The frame is the part of the beehive that sits inside the hive bodies and holds the honeycomb. It forms the “frame” the bees build on with beeswax to store honey and raise brood. L. L. Langstroth designed the most common moveable frame in use today. The standard Langstroth design is 10 frames, each 19 inches long, inside each hive body. Eight frame equipment is also available, but the only difference is the width of the box. The length of the frame itself is the same, no matter the hive width. Shallow, medium, and deep hive bodies require shallow, medium, or deep frames. A deep frame is 9 1/8 inches tall, a medium frame is 6 1/4 inches tall, and a shallow frame is 5 3/8 inches tall.
Wood frames can be purchased assembled, unassembled, or made by the beekeeper. If you are going to use foundationless frames (frames with no foundation installed), the bees benefit from the use of a starter strip. This is a strip of either wood or wax hanging from the center of the frame’s top bar that serves as a guide for the bees to start drawing comb on. A starter strip helps them keep the comb straight and maintain bee space in the hive.
Wood frames have been designed to accept wax or plastic foundation. The foundation is imprinted with a standard comb shape that encourages the bees to draw uniform size cells. Wax foundation can be purchased (or hand milled if you have the equipment) with or without wires. Wire lends strength to the comb so that it is less easily damaged during inspections and honey extraction. Most wood frames also have holes on the end bars (sides) where you add pins or horizontal wire for even more strength. Thin wax foundation is for frames you want to make cut comb honey from.
Plastic foundation is a honeycomb stamped sheet of rigid plastic. Some companies offer them already coated with wax, which helps the bees accept it as a suitable surface. Brushing on more melted wax may get you even better results.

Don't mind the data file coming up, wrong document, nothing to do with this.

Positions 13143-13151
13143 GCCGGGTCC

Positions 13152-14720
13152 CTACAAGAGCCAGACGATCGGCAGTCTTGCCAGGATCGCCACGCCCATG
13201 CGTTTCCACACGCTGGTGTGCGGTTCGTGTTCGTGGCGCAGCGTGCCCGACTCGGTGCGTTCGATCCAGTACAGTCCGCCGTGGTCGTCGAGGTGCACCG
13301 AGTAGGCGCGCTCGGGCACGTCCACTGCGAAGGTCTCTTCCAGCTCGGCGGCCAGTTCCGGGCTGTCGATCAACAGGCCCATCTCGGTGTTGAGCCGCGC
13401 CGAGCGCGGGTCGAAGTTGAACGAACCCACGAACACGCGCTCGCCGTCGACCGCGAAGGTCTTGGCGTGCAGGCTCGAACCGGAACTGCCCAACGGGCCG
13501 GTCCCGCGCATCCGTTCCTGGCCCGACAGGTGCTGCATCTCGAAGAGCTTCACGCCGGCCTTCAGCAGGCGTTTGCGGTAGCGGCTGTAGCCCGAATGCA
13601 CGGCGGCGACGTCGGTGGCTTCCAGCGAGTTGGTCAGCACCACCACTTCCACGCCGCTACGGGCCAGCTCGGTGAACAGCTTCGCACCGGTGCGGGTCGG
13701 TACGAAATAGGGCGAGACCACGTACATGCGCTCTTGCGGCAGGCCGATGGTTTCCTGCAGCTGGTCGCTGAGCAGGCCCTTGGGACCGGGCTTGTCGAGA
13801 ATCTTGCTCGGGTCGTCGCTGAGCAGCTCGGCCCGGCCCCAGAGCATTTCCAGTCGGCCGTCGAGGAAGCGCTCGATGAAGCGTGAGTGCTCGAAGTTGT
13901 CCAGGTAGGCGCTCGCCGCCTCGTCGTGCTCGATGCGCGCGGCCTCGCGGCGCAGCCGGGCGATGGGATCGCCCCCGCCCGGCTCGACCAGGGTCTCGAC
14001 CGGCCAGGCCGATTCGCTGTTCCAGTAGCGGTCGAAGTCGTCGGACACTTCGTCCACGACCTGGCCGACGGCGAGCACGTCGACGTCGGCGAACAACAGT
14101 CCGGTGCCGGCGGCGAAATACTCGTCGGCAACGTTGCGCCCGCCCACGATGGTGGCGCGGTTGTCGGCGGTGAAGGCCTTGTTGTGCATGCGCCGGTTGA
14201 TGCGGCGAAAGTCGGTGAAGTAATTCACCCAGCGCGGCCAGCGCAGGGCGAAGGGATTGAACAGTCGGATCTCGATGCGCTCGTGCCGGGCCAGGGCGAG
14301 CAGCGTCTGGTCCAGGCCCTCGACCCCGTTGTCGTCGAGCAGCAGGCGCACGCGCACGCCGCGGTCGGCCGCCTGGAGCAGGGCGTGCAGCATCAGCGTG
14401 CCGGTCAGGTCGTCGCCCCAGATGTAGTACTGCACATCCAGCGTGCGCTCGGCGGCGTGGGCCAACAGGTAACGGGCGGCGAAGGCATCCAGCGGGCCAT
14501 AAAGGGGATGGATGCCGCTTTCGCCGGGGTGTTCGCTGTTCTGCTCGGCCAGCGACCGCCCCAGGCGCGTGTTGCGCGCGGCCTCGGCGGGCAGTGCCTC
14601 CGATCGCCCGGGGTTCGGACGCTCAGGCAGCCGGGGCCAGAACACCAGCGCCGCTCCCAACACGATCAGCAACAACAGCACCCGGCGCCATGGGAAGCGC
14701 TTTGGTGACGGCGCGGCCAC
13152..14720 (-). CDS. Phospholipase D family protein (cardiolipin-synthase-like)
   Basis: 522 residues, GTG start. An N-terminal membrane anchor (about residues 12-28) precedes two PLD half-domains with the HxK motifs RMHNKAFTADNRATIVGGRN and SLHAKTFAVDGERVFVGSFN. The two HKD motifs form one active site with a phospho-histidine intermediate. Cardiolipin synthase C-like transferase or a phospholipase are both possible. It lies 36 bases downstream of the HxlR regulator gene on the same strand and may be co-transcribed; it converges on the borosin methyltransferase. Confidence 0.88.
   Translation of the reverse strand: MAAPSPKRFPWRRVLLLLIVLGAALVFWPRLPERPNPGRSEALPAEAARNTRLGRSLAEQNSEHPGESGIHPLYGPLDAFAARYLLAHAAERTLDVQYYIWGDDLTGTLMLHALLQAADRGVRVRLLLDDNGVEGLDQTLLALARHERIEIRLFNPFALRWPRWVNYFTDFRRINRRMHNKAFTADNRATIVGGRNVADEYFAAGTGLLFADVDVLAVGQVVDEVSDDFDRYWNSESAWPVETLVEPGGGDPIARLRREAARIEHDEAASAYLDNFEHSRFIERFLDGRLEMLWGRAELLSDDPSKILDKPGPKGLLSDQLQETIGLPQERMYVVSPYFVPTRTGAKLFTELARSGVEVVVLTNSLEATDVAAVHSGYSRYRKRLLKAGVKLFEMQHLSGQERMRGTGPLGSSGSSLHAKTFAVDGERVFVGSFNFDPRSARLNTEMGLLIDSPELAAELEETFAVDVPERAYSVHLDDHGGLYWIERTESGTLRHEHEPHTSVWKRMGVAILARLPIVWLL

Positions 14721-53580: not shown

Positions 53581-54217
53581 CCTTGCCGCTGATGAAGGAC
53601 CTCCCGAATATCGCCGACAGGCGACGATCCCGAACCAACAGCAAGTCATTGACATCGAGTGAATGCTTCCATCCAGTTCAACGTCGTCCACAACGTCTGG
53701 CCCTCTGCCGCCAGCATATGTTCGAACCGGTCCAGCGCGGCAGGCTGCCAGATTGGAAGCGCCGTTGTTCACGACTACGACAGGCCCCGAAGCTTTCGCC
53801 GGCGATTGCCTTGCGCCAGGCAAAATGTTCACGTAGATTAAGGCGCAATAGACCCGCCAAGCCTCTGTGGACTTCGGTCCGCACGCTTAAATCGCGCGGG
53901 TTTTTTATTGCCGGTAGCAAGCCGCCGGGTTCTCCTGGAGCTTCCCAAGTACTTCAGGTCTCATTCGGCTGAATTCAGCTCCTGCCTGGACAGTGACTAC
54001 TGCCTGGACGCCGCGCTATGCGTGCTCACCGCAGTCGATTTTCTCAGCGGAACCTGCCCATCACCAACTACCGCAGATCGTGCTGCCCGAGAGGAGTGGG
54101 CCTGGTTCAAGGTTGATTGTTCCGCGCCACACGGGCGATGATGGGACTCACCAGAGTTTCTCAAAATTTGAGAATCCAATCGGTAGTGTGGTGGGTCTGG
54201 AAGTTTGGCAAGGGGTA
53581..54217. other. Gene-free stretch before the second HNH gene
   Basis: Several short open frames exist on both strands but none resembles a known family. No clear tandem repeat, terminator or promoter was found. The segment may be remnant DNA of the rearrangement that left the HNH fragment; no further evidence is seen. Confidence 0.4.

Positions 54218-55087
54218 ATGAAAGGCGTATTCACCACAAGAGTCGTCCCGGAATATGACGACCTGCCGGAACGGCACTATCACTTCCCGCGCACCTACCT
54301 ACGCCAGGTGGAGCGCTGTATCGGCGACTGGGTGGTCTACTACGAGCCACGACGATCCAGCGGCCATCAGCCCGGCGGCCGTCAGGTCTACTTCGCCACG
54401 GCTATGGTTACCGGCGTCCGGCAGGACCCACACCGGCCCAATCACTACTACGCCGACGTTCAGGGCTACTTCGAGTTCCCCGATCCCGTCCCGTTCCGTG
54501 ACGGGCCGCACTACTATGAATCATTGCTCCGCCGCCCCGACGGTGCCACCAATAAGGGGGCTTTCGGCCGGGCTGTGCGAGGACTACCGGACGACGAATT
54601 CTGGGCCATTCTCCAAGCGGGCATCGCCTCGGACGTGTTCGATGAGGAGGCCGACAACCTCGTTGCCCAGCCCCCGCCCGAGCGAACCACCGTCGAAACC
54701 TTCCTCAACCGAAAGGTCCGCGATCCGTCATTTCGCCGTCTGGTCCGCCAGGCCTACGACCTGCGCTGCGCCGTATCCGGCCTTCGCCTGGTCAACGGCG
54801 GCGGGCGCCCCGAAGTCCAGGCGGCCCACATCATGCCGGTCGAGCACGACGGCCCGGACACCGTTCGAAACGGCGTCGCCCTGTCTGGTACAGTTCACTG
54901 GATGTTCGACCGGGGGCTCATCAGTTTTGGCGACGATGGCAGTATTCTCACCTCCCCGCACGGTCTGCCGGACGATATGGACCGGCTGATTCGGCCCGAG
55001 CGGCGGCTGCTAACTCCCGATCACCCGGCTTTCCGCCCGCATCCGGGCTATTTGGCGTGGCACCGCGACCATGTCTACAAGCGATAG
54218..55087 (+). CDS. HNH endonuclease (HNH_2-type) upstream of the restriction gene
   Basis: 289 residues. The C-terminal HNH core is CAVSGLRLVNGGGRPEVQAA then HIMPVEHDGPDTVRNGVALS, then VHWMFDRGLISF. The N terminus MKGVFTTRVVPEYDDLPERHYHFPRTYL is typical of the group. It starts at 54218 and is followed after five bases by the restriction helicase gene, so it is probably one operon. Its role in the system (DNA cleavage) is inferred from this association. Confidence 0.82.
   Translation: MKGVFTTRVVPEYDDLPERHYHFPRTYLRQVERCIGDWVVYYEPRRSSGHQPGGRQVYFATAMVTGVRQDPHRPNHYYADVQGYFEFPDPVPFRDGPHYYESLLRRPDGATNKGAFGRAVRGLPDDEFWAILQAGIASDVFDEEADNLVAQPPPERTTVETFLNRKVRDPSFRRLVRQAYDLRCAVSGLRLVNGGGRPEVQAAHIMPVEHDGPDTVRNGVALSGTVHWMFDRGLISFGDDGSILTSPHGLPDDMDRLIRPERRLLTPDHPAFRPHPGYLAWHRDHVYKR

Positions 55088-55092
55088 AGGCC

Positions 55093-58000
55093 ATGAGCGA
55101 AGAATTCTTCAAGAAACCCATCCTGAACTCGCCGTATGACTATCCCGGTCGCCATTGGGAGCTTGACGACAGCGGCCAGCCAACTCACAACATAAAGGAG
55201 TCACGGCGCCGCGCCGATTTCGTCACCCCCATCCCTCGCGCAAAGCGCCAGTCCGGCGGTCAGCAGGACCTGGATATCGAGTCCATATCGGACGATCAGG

Several bee supply companies sell a one piece plastic frame/foundation combo. I haven’t personally used any variety of the all-in-one plastic frames because we have the small hive beetle in my area. I am concerned that the frames have too many nooks and crannies for the beetles to hide in.
Green plastic frames are sized for drone cells. You can also buy drone sized wax foundation. Drone foundation is used to increase the number of drones in an area for queen mating, or to trap mites. Mites prefer to breed in drone cells, so by removing capped drone frames and freezing them, you are theoretically helping keep the mite population controlled. If you are late removing the drone trap though you have just left a mite bomb in your hive. Be religious about removing it on time.
Specialty frames for making cut comb honey are available commercially as well. The bee supply companies sell kits with the round cut comb frames. I have seen some direct marketed square frames to sell to customers as an individual sized honey frame, and time will tell if this concept catches on.
The last speciality frame to discuss is the queen grafting bar. It is a frame with two extra horizontal bars instead of foundation. These bars hold wax or plastic cups that the beekeeper inserts larvae into, then places the frame in a queenless hive. The hive will raise multiple new queens at once.
A few tips on frames and foundation:
- Try not to mix wax and plastic foundation in the same super. Bees seem to have a preference for wax and may be reluctant to draw out the plastic. Once they are drawn out it isn’t a problem.
- Pay attention to the kinds of frames and foundations you are ordering and make sure they are matched with each other. It’s pretty disappointing to assemble a box of frames and then realize you bought the wrong kind of foundation for them. The bee supply catalogs should have what kinds go together clearly marked, but it’s up to you to pay attention to detail.
- Another detail to watch out for is cell size. If you accidentally order small cell foundation instead of standard you may be less than pleased with your bees attempt to draw it out smoothly. Unless you already have small cell bees of course. I’ll go ahead and confess to making this beginner mistake 🙂